The currency in which mommies trade at play dates is easy to see: guilt. I knew this before this week, but I am convinced now that it is one of the few things moms have in common despite how we raise our kids, where we live, or what age our kids are. Guilt seems to be an emotion than can cross all lines, sort of like love is supposed to. I sometimes wonder if guilt has been more successful and what that means about the message we’re sending our kids.
At a play date this week with a sweet mom I recently met, we started discussing what we do with stay-at-home kids when something else in the house absolutely has to be done for the inhabitants of the household to survive. This mom is great: she and her son are out and about by nine every morning regardless of heat or cold; she is always asking me about new play date ideas I didn’t even know were out there. Her son is precious and secure in the love she gives him. So I was surprised at the shame that crept into her voice when she said, “I have to let my son watch TV while I cook. I use it to keep him still while I make dinner. That’s awful, right?”
Another new mom with a nine-week-old started spilling her guts in the doctor’s waiting room this week. She vowed this would be her only child, didn’t understand how this person could ruin her entire sleep life, and complained that absolutely not one person had warned her that this would be harder than her full-time job, a job she said she is now counting the days to get back to. Then she assured us that she loved the kid, hung her head in shame and said, “I’m a bad mom, I know I am, right?” I told her she was just a very tired person and would be for at least the next year or so. Very tired people aren’t the same as bad moms, they just feel like bad moms.
Apparently neither of these ladies got the message about my 18-month-old attempting to brush his teeth with my shaving razor last week. Could they have also missed the screams leaping from my house when my daughter learned push and pull were not the same thing and almost broke her nose with her dresser drawer? I was the one who asked her to close the drawer because she was closer to it, and I didn’t notice it was hanging on the edge just waiting to be touched.
Another friend and I frequently talk about how parenting more than one child leaves you constantly worried you’re shorting someone attention they need. Even though we still never do much during the day that isn’t dedicated to the care or entertainment of someone else, we still manage to spend the end of the day before we sleep running a list through our heads of how we could have done better.
This is play date banter: moms trade tales of everything we’re doing wrong, ways our kids are going to be irreparably damaged, and then try to make each other feel better. We know this isn’t productive; we know from the fact that none of our kids have experienced major head injuries after seeing if they can bounce each other off the couch that they’re not as fragile as they look. Still, it’s always there.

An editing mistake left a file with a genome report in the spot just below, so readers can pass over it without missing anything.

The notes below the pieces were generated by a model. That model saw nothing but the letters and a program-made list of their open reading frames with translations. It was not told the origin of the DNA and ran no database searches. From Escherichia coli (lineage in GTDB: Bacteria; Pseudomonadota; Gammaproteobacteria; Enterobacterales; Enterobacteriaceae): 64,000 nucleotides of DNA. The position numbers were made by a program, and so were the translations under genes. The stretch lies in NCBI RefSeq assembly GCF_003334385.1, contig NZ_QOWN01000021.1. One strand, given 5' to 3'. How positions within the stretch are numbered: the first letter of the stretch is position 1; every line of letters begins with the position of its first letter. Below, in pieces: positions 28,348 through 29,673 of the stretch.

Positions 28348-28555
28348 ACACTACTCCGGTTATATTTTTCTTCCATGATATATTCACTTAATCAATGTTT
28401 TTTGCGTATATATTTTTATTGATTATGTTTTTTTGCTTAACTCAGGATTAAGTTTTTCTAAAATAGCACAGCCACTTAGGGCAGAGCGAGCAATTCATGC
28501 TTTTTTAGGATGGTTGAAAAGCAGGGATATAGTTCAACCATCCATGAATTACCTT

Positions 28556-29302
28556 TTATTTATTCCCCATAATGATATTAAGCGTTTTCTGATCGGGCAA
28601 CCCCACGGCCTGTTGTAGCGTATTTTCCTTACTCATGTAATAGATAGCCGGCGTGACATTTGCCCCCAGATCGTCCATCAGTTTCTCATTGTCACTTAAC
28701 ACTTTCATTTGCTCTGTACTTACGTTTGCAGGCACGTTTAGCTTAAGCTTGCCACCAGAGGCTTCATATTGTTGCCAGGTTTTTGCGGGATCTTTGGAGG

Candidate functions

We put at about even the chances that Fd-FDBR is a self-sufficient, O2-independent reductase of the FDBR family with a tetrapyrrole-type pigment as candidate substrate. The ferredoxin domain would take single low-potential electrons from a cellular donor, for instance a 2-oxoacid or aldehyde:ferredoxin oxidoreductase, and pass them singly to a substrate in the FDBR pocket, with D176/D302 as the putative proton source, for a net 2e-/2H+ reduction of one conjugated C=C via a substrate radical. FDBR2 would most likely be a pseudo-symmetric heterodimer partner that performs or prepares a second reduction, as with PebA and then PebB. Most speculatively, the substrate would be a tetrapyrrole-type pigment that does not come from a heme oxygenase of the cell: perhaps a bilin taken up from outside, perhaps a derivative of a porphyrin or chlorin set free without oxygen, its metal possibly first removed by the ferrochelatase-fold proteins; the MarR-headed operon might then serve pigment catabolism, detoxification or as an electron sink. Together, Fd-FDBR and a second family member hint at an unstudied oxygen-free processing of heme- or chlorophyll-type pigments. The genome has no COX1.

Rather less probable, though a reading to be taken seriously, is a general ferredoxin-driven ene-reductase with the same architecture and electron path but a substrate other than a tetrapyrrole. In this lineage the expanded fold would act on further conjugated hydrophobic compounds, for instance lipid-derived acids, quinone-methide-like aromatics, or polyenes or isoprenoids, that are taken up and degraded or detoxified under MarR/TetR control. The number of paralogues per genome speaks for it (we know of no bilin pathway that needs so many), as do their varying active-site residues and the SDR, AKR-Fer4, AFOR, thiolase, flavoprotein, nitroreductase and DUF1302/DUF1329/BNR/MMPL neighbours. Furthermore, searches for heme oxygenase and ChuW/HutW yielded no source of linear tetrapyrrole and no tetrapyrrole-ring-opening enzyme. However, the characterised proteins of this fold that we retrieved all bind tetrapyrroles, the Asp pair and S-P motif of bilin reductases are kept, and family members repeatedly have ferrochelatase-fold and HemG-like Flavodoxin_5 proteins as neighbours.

I honestly think some of the allure of guilt is its never ending ability to attach itself to pride and confuse the two in our brains. I mean, if I don’t feel guilty about everything, then obviously I don’t care about my kids. If I don’t care about my kids, I’m a bad parent. But if I feel guilty all the time it’s just because I care so much, and everyone knows the good parents care the most, therefore they are the guiltiest feeling of them all. See how that math works?
None of the moms I talk to who are feeling guilty have a reason to. Your kid watches 30 minutes of TV so you can prepare food for him? I don’t think this is the end of the world. In a sleep-deprived-new-mom fog you proclaim parenting as the hardest job ever? Yeah, you’re going to feel that way when the fog wears off. It’s an awesome job, and it also takes everything you have 100% of the time. You have two kids so someone has to wait for their homemade lunch to be prepared while the other one feeds off your body? Everybody will get fed, and if we’re talking about my kids, they probably just ate 10 minutes ago anyway.
Even knowing this I realize it’s going to take a huge effort on my part to turn around the guilt=pride=if-I’m-such-a-great-parent-why-the-heck-does-feeling-guilty-all-the-time-not- make-me-feel-like-a-better-one emotion. I know it’s not God’s plan for me to feel this way all the time; I know He doesn’t want that for these other moms either. But how do you practice being reflective and making sure what you do is in the best interest of your kids while not being obsessive to the point of constant shame? I don’t know. I’m going to pray and try to recognize when these feelings creep up so I can stop them before they take over my brain. I’m going to focus on all the awesome things I try to do for the kids daily, even if Sammy is sporting a wicked cut from wielding a razor and Wren has a purple nose. I’m going to encourage other mothers to do the same.
I’m also going to try to keep my kids from reading this blog post when they’re older. Wren would be upset if she knew she had ever had to wait for food, and that would make me feel guilty. ;)